Doctor insights on:
Can Colon Polyps Cause Prostate Problems
Probably not...: But lots of other things can (some benign and others not). Please refer to the many quality answers on healthtap regarding causes of constipation, and approaches to diagnosis and treatment. At 76 years old, evaluation is definitely in order for you--please see your doctor. ...Read moreSee 1 more doctor answer
The prostate is a gland that lies at the base of the bladder and surrounding a segment of urethra. It secretes a milky fluid that is discharged by excretory ducts into the urethra during the emission of semen. It is clinically important because enlargement of the prostate with age, and prostate cancer are two common ...Read more
Yes, but...: Colon cancer can very rarely cause obstruction of the duct draining the gall bladder(cystic duct) or liver(common bile duct) by growing directly into these structures and causing an obstruction. This can lead to cholecystitis just like that caused when the obstruction is caused by a gall stone. It is a more serious situation but i believe that I have seen it only once in my 36 year career! ...Read more
DIET NOT constipated: Not constipation per se , but diet may a factor: diets high in whole grain, fruits, and veggies have been linked with a lower risk of colorectal cancer, but fiber supplements have not been shown to prevent colo-rectal cancer. Excess red meats and processed meats can increase your colorectal cancer risk and cooking meats at very high heat may create chemicals that might increase cancer risk. ...Read moreSee 1 more doctor answer
Yes: Endometriosis can get on the bladder and cause bladder pain and painful urination. Interstitial cystitis (ic) can also cause those symptoms. So sometimes it can be a little difficult to figure out. Starting with some urine testing, some blood work, maybe a cystoscopy would help to get you answers. ...Read more
Should not: Benign prostate enlargement should not cause constipation. Follow with your urologist to make sure your prostate enlargement is benign. Also, see your primary care doc for constipation management. Unless you are checking for someone who is older, you are young for having enlarged prostate. Need seen to resolve both issues. ...Read more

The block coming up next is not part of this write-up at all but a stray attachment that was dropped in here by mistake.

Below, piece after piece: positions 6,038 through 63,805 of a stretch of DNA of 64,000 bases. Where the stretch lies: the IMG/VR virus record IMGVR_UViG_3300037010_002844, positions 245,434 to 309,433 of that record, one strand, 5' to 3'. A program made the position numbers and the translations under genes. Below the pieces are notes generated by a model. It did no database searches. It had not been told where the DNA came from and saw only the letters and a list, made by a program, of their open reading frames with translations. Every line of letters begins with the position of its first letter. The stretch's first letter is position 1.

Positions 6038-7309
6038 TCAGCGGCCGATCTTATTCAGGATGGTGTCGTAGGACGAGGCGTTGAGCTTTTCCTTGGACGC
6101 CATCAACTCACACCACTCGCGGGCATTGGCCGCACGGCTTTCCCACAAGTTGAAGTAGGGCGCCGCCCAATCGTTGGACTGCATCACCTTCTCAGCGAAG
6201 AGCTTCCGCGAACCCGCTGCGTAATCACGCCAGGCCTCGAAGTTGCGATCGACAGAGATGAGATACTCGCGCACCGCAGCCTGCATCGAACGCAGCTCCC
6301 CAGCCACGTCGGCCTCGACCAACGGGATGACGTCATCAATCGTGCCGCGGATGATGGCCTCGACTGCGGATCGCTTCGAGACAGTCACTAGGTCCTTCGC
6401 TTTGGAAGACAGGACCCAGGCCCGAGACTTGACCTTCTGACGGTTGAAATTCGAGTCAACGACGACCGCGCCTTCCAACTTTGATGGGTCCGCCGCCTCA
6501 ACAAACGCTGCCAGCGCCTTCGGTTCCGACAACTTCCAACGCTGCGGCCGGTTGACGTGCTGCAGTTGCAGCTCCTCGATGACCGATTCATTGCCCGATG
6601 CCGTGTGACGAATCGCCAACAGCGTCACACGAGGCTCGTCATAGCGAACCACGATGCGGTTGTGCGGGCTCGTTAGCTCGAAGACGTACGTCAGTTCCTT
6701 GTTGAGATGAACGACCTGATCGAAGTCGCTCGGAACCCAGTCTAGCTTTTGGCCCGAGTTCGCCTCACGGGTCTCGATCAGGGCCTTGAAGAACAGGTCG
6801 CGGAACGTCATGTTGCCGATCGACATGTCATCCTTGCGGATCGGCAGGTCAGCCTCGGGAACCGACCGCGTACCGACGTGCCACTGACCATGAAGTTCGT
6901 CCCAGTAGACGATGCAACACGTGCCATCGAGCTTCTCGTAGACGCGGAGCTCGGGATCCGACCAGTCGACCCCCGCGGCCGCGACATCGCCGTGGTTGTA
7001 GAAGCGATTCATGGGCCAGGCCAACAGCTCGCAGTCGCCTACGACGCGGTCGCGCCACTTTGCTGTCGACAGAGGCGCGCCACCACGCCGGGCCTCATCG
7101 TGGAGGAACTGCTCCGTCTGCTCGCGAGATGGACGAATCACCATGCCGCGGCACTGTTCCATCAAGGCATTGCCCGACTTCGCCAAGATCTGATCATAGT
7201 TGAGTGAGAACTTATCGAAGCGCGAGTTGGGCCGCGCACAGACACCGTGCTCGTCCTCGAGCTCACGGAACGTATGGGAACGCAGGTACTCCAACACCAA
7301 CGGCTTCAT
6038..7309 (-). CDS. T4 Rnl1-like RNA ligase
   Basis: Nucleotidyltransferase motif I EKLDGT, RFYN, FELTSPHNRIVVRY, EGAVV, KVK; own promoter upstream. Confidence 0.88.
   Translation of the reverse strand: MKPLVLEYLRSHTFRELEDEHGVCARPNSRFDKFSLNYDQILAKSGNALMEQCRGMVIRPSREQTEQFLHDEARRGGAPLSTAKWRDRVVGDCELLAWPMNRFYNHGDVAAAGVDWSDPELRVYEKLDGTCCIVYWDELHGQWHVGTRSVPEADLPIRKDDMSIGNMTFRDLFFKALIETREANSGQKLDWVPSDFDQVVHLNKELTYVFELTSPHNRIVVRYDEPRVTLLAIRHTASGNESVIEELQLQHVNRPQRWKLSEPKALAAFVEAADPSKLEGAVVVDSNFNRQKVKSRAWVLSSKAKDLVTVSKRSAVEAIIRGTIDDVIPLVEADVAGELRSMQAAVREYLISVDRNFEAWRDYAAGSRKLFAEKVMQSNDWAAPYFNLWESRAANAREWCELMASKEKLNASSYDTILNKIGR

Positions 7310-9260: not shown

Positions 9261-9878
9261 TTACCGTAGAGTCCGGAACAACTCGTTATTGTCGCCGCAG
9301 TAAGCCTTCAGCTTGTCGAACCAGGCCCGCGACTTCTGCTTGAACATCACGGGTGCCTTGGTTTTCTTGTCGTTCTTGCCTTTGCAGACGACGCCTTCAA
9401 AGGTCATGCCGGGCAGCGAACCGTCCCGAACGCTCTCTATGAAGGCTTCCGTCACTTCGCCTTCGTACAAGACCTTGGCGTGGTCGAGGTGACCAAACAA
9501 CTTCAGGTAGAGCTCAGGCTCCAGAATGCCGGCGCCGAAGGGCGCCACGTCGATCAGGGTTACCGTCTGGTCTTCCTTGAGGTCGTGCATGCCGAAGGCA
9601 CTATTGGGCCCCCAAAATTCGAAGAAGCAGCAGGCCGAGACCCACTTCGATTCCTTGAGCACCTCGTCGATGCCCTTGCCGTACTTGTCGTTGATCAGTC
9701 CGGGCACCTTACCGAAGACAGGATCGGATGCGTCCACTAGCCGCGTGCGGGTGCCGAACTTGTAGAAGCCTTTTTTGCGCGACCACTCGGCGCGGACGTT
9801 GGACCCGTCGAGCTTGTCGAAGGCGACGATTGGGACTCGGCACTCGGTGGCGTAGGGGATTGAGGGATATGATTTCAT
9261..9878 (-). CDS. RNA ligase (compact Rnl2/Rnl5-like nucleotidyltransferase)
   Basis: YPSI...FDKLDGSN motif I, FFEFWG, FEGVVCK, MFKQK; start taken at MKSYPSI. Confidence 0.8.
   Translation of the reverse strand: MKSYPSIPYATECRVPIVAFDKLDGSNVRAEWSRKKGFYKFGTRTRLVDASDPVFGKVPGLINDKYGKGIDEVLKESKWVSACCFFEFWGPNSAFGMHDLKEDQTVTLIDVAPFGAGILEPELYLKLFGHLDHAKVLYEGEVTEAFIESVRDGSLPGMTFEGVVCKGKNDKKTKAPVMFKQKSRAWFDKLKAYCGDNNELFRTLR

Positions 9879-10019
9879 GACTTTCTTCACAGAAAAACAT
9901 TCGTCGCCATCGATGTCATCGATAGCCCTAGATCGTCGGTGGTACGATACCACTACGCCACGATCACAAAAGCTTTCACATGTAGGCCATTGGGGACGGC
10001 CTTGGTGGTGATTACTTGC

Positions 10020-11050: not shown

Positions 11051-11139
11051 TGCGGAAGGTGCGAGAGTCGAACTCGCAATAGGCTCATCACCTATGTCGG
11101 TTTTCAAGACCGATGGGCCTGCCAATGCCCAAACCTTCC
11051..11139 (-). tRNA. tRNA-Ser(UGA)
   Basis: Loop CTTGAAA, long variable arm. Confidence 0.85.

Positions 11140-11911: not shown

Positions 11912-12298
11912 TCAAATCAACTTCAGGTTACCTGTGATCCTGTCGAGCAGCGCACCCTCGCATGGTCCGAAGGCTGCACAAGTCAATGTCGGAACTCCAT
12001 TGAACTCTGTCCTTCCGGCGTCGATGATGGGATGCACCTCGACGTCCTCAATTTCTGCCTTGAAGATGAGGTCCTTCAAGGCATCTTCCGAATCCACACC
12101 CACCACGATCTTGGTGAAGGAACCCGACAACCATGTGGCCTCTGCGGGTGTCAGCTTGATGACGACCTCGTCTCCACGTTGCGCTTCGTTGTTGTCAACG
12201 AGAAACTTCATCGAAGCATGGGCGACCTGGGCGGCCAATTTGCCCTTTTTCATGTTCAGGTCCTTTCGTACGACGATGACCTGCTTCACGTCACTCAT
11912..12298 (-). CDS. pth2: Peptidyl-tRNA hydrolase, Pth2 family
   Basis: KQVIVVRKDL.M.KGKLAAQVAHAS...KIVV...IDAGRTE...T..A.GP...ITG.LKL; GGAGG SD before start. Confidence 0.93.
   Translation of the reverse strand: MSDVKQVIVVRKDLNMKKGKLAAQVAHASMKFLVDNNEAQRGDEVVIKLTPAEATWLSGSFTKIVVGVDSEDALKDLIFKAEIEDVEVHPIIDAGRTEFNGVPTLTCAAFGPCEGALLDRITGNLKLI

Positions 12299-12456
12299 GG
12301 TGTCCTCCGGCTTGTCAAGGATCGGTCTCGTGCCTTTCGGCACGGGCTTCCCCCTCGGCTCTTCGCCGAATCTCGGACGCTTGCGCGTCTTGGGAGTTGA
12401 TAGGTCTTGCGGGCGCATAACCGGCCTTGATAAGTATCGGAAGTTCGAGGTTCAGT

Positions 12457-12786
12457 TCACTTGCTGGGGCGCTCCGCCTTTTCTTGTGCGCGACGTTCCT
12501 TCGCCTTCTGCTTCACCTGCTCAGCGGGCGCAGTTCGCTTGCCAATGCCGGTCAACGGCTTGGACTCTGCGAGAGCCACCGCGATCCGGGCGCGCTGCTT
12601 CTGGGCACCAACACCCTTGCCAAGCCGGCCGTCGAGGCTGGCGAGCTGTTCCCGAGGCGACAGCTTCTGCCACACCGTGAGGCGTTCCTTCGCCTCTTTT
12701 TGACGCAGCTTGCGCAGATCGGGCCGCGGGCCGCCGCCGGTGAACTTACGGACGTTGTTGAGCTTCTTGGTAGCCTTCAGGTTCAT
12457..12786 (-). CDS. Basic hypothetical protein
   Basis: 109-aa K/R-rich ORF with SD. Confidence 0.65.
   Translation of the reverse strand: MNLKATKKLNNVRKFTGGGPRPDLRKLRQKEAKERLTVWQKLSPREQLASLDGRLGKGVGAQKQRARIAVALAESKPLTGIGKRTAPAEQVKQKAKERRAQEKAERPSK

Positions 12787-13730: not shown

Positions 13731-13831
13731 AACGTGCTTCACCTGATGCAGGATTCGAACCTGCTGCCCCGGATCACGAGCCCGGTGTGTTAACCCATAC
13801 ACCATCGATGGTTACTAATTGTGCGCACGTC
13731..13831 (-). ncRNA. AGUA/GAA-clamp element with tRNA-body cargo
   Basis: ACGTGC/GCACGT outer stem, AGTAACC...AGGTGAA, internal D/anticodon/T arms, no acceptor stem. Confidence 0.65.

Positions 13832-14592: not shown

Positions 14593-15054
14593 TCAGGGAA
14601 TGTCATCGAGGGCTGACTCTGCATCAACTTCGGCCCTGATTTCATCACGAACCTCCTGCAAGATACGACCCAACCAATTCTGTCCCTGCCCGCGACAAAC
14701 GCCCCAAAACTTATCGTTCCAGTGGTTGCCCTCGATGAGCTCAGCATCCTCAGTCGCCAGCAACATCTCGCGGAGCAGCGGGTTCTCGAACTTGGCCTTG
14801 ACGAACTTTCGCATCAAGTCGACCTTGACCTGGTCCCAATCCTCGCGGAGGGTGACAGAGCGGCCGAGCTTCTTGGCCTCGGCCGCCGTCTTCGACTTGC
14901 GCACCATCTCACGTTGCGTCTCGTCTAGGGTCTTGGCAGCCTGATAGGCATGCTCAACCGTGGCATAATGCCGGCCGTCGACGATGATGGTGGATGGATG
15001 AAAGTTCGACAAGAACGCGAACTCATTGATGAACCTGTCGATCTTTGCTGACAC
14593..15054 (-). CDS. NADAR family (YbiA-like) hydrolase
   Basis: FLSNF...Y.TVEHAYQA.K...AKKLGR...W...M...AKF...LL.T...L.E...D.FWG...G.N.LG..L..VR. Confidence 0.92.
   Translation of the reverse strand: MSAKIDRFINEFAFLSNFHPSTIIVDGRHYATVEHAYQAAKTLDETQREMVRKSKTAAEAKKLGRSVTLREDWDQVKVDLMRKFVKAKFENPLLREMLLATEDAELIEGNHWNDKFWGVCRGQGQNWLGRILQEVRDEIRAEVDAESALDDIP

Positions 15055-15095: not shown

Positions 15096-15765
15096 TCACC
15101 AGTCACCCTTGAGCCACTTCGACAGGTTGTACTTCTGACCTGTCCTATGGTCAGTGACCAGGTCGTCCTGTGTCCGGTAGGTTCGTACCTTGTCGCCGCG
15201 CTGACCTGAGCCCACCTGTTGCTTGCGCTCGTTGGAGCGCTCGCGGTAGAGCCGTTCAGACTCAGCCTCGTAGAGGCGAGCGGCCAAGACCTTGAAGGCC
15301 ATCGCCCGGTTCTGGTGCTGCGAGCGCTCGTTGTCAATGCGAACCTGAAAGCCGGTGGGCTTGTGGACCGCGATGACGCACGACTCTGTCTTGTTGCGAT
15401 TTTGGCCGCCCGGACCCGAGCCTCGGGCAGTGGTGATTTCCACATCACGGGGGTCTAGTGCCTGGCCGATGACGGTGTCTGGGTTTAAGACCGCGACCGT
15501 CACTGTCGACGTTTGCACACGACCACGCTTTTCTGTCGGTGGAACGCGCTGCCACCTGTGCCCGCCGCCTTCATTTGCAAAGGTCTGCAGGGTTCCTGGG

No: We all have hemorrhoids (pillars of vascular tissue in the lower rectum). Some of us have symptomatic hemorrhoids (bleeding, pain, or itching). On their own, symptomatic hemorrhoids will not lead to colon cancer. The low fiber Western diet can be associated with an increased risk of colon and rectal cancer. Best advice: eat a diet high in fiber and drink lots of water. ...Read moreSee 1 more doctor answer
Possibly: Long-standing colonic inflammation as seen in chronic ulcerative colitis and crohn's colitis can increase your risk for colon cancer and is a known risk factor for colon and rectal cancer. Patients with pancolits (involving the whole colon and rectum) should begin colonoscopic surveillance after 8 yrs of disease and left-sided colitis after 15 years. ...Read moreSee 2 more doctor answers
No: Endometriosis is not a precancerous condition, although, it does act like a cancer would, though. It may spread around the abdominal cavity, but it doesn't cause death or intoxication like cancer would. It is one of the major causes of infertility and chronic abdominal and/or pelvic pain. ...Read moreSee 1 more doctor answer
No: Although there doesn't appear to be a direct link between diverticular disease and colon or rectal cancer, diverticular disease may make cancer more difficult to diagnose. And rarely, what appears to be diverticulitis may be colon cancer. Because of this, your doctor may recommend a colonoscopy after you've recovered from a bout of diverticulitis. ...Read more
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